If you are ready to take the first step towards a better self then we also recommend reading the following manual.
Additionally, we advise seeking professional help if you feel depression symptoms are too overwhelming.
Smartphone Apps For Depression
In this new era of technology, everything is handled by phone, tablet or any other technological device.
This is why new apps have been designed to make your life easier and help you on the go!
Here are some of the apps recommended by the Society of Clinical psychology (American Psychological Association):
- Moodivate (Dahne, Lejuez, & Kustanowitz), a self-help Brief Behavioral Activation mobile app.
- ¡Aptívate! (Dahne, Lejuez, & Kustanowitz), a Spanish-language self-help Brief Behavioral Activation mobile app.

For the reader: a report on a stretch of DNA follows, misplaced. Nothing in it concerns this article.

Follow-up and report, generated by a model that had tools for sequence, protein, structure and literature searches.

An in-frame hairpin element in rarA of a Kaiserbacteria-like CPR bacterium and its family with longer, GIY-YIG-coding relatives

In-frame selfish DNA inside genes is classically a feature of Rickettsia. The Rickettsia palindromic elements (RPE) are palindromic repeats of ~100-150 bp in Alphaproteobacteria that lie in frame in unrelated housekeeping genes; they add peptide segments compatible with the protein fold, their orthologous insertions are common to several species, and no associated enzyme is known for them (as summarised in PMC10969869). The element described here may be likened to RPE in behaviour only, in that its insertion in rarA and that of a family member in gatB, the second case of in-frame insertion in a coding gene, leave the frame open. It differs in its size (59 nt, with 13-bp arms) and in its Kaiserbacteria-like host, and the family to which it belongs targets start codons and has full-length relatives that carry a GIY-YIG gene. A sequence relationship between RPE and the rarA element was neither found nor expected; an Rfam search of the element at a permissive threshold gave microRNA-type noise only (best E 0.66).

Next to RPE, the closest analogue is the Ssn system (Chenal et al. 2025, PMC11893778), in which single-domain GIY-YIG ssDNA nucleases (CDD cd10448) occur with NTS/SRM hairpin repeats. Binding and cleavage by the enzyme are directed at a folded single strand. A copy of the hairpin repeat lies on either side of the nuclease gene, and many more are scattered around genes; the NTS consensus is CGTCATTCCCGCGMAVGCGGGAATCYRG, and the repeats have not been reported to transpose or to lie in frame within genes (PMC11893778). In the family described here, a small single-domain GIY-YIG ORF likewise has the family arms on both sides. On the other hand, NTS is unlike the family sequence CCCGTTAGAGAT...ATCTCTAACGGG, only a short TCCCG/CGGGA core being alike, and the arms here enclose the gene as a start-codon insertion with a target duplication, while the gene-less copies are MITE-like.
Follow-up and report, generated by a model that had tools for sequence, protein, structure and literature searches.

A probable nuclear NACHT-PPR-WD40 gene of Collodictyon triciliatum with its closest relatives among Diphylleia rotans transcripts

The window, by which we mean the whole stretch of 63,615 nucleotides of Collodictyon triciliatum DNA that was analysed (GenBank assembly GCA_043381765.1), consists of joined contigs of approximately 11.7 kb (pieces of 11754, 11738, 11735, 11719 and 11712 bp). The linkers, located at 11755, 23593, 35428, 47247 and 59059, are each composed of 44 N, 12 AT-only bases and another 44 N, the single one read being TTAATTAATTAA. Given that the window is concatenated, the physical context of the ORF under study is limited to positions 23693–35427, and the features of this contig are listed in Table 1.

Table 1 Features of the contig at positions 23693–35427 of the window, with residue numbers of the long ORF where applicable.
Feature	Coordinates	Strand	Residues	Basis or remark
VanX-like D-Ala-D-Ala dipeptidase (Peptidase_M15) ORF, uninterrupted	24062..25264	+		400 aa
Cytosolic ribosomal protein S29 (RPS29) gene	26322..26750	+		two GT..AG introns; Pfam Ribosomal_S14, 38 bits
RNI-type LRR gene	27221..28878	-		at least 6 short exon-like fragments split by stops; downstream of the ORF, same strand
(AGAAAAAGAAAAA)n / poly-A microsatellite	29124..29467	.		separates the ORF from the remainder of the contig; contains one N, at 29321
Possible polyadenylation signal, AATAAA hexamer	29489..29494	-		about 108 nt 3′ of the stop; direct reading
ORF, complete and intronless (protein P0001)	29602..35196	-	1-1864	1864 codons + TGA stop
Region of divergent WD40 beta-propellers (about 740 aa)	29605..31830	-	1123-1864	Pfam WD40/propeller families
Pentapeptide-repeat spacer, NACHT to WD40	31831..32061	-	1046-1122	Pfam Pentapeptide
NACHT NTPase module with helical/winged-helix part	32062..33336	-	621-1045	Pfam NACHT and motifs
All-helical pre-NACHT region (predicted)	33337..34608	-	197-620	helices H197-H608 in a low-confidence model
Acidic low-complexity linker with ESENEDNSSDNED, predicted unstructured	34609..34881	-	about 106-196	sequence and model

- Behavioral Apptivation (Dahne, Lejuez, & Kustanowitz), a Brief BA mobile app that is intended to be used in conjunction with ongoing in-person Brief BA therapy (i.e., with a therapist). It consists of a mobile app for the patient and a website that therapists can use to track the patient’s progress through the treatment.
Frequently asked questions (FAQ’s) about Behavioral Activation for Depression
What does behavioral activation mean?
Behavioral activation or BA is considered as one of the existing third-generation therapies for depression treatment.
It based on a Skinnerian psychological model of behavior change, generally referred to as applied behavior analysis.
What is behavioral activation in CBT?
Behavioral activation is one of the many cognitive behavioral therapy (CBT) techniques whose main goal is to help individuals enhance their problem-solving skills and engage more often in activities that are meant to be enjoyable.